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Church Covenant - Statements three, four, and five Print E-mail
Church Covenants

I.  Introduction:

 As we begin tonight, I would like to say a word about ‘suggestions.’  If you simply want to talk about a certain phrase or word, or if you want to discuss why we included something or left something out, then you are free to bring those up as we talk on Sunday nights.  Yet, if you want to ask the committee to consider actually changing something about the Covenant, we would ask that you put it in writing and either give it to me or someone on the committee.  It does not have to be official or anything, just jot it down and give it to us so that we can discuss it.  You can do this at any point in the process.  Also, if the committee decides not to make the change that you suggest, you can still bring it up from the floor at our September business meeting and we can vote on the change as a Church.  We think that this will be an efficient way to deal with suggestions and will help the committee differentiate between questions/comments and actual suggestions to consider.  With that in mind, let’s look at statements three, four, and five.

II.  Statements three, four, and five:

 A.  Statement three: Because we are members of one another in the body of Christ, we will actively use our spiritual gifts for the common good.  We will not neglect meeting together, but will regularly participate in worship, prayer, study, fellowship, and the ordinances of baptism and communion.

  1.  Thoughts: The idea here is a commitment to participate in the life of the  Church.  The first part of the statement deals with our use of spiritual gifts.  Look at  Romans 12:4-8.  We are all members of the body of Christ and as such we have different  functions or gifts.  As the body of Christ, we are to use our gifts to serve one another.   Again note that the imperative (‘use your gifts’) is built upon the indicative (‘we are one  body with many members in Christ’), which is what our covenant statement reflects.  As  we saw in our study on the Spirit, we have been given these gifts to edify the body for the  common good.  Look at 1 Corinthians 12:7.  The next phrase is taken directly from  Hebrews 10:24-25.  Look at those verses with me.  We want to be committed to faithful attendance.  At the same time, the author of Hebrews speaks of searching diligently for  ways to stir up one another to love and good works and we are to be encouraging one  another as we meet together.  Thus, we included the ideas of ‘worship, prayer, study,  fellowship, and the ordinances of baptism and communion.’  We want to be committed to  participating in these activities so that we might stir one another up and encourage each  other.  We do not want to be legalistic about this so we used the adverb ‘regularly.’  The  goal is regular participation in the Church.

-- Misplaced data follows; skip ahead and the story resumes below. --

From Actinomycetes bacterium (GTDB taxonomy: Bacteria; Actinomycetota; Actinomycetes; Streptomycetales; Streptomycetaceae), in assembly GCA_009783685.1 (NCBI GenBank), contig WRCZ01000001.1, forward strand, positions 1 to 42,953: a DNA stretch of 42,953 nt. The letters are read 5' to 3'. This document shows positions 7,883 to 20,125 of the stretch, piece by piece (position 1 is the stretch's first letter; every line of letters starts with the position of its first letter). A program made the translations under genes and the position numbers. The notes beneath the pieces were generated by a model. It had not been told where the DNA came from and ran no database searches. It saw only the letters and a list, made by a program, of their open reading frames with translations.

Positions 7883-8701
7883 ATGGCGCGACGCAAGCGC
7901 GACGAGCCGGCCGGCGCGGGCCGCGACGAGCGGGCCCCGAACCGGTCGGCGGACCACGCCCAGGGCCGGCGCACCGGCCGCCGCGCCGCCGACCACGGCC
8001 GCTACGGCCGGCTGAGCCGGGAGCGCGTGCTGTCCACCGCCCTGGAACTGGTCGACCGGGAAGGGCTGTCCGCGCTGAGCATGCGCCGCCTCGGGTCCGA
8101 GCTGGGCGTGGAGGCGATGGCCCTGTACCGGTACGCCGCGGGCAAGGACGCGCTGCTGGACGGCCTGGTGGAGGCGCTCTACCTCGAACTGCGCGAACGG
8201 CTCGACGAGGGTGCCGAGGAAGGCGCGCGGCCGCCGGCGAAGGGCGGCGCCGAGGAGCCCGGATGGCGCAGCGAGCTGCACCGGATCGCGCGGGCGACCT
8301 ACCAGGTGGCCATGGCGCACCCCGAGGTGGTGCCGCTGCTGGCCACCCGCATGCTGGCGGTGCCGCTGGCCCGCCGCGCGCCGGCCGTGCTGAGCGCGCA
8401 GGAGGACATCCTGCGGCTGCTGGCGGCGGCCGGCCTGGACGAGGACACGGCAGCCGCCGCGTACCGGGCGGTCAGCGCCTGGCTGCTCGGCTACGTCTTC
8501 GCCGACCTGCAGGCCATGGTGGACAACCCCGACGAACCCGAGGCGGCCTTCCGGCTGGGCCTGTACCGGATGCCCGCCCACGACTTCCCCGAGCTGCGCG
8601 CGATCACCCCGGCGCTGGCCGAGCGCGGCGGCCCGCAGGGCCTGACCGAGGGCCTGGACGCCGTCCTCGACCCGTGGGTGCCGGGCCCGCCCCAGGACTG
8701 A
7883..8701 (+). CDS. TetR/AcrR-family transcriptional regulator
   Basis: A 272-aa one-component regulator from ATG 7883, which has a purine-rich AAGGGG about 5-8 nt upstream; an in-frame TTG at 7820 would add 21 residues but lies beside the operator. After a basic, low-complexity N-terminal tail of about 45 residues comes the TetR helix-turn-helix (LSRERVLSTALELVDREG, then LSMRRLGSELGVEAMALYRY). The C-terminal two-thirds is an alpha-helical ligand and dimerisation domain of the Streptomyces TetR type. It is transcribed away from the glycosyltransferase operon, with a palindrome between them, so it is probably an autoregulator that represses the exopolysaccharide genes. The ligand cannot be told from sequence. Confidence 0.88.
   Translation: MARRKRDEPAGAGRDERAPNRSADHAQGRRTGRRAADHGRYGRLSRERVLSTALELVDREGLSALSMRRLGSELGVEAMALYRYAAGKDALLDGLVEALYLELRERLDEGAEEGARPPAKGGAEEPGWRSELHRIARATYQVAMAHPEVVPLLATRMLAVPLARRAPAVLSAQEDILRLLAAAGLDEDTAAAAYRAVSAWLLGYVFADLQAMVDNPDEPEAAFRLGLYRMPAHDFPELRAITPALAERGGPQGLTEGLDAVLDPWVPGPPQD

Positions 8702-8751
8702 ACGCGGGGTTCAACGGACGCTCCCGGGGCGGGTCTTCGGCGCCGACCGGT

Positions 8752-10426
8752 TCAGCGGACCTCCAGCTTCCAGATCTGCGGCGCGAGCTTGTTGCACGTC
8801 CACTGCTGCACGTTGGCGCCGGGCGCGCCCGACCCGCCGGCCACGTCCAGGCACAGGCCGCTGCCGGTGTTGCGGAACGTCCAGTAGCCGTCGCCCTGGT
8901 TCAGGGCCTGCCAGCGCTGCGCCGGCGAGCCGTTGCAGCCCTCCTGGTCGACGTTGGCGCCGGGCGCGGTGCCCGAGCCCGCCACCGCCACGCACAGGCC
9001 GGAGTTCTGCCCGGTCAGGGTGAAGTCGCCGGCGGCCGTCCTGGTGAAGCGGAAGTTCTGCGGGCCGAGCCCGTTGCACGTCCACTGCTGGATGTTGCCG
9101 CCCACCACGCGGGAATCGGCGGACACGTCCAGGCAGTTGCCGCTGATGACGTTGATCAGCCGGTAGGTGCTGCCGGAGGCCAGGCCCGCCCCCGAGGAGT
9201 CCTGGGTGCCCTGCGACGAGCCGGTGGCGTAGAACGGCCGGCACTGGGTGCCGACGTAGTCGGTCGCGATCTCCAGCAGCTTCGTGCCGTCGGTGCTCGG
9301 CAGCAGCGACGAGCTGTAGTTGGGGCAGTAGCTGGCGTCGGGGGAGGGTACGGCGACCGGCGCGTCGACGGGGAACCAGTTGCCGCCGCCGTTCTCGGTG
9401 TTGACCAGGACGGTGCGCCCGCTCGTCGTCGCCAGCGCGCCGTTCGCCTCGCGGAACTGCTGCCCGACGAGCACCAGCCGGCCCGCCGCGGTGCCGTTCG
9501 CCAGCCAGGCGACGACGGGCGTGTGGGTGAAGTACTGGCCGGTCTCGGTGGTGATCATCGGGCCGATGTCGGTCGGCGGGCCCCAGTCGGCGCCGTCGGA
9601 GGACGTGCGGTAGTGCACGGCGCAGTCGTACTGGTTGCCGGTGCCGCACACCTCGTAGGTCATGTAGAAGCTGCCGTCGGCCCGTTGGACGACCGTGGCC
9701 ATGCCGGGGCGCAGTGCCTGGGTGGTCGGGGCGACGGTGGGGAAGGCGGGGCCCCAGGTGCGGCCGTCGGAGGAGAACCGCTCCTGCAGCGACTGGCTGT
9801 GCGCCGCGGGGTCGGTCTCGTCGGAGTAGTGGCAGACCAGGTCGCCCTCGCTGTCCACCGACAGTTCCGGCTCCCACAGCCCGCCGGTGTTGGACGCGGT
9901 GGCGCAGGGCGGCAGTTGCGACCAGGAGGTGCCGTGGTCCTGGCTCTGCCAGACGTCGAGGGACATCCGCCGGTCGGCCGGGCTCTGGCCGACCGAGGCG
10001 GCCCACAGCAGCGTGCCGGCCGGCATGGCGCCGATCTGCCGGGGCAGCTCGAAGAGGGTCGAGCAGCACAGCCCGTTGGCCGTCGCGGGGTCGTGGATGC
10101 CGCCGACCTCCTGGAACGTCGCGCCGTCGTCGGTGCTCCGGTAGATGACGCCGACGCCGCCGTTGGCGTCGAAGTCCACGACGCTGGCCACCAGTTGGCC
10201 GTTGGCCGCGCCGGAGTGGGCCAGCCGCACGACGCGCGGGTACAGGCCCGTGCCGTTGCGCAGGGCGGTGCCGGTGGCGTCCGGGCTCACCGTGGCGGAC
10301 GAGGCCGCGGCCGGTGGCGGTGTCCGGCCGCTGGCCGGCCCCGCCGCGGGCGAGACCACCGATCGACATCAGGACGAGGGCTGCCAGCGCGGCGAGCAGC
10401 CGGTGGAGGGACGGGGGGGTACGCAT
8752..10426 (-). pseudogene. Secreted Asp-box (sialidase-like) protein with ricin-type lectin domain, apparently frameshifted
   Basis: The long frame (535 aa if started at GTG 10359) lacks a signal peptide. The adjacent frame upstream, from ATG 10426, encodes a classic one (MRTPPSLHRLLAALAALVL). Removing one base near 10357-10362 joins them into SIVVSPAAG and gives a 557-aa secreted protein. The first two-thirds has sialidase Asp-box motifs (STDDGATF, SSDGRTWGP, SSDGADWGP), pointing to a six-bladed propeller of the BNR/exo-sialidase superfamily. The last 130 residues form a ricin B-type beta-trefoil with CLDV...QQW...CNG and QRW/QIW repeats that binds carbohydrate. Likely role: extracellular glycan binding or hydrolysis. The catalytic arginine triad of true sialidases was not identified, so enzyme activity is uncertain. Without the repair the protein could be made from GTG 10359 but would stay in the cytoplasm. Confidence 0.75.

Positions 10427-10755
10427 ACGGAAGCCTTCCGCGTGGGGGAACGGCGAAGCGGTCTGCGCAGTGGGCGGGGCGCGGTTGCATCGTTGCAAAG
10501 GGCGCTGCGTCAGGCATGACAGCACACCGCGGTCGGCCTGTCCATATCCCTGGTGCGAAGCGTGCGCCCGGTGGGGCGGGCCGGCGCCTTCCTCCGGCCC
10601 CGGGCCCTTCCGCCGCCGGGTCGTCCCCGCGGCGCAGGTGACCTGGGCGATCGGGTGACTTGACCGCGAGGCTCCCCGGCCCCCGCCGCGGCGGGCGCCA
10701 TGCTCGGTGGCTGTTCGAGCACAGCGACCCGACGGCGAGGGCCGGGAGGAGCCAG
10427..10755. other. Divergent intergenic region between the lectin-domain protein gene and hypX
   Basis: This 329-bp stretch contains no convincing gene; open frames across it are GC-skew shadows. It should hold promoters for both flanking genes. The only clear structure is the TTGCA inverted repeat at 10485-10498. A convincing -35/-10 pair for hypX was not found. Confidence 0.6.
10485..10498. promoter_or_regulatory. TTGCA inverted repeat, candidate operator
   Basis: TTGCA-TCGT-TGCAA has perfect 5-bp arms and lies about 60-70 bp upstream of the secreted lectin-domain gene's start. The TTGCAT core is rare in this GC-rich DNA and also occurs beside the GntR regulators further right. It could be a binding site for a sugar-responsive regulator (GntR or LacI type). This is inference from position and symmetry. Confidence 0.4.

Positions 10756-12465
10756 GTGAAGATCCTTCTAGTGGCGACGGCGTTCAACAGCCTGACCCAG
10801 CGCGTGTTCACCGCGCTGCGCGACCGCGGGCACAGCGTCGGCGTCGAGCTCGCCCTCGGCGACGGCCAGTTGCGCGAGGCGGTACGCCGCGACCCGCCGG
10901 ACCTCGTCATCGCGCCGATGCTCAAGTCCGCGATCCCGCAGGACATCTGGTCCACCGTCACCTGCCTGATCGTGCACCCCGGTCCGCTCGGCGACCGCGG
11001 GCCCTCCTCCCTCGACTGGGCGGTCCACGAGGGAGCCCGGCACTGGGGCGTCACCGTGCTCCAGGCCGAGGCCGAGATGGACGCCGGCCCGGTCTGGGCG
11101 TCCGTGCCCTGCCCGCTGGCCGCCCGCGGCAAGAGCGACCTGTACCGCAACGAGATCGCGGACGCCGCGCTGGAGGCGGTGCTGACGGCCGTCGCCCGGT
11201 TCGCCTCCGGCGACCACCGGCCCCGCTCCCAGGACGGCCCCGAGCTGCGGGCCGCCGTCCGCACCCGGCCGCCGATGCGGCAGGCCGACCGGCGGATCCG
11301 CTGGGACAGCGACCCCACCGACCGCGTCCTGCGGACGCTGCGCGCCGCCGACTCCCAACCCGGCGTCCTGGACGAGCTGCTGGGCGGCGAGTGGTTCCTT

2.  Questions or comments?

 B.  Statement four: Since Christ, though he was rich, became poor for our sake, we too will give sacrificially and cheerfully to the support of this church, the relief of the poor, and the spread of the gospel to all nations.  We will dedicate ourselves, our money, our time, and our resources to the cause of Christ as faithful stewards, carefully avoiding all forms of greed.

  1.  Thoughts: This statement is obviously about giving.  In order for us to be  faithful givers, we must remember all that Christ has given for us.  Look 2 Corinthians  8:9.  In a context where Paul is encouraging the Corinthians to give financially, he  reminds them of all that Christ has done for them.  He became poor so that we might  become rich.  We need this truth, this indicative, to be ever on our minds as we consider  giving.  In light of what Christ has done, we also want to give ‘sacrificially and  cheerfully.’  Look at 2 Corinthians 9:6-7.  God has not just called us to give, but He has  called us to give cheerfully.  Likewise, look at 2 Corinthians 8:1-7.  Paul is addressing the  idea of giving throughout chapters 8 and 9 of 2 Corinthians.  He begins by pointing to the  example of the Macedonians.  They were afflicted, but they gave with joy.  They were  poor, but they gave willingly.  They begged Paul for the favor of taking part in the relief  of the saints.  Indeed, they are a great, convicting example of faithful, joyful, abundant  giving.  Of course, this statement is not simply about money.  We are committing to give  ‘ourselves, our money, our time, and our resources to the cause of Christ.’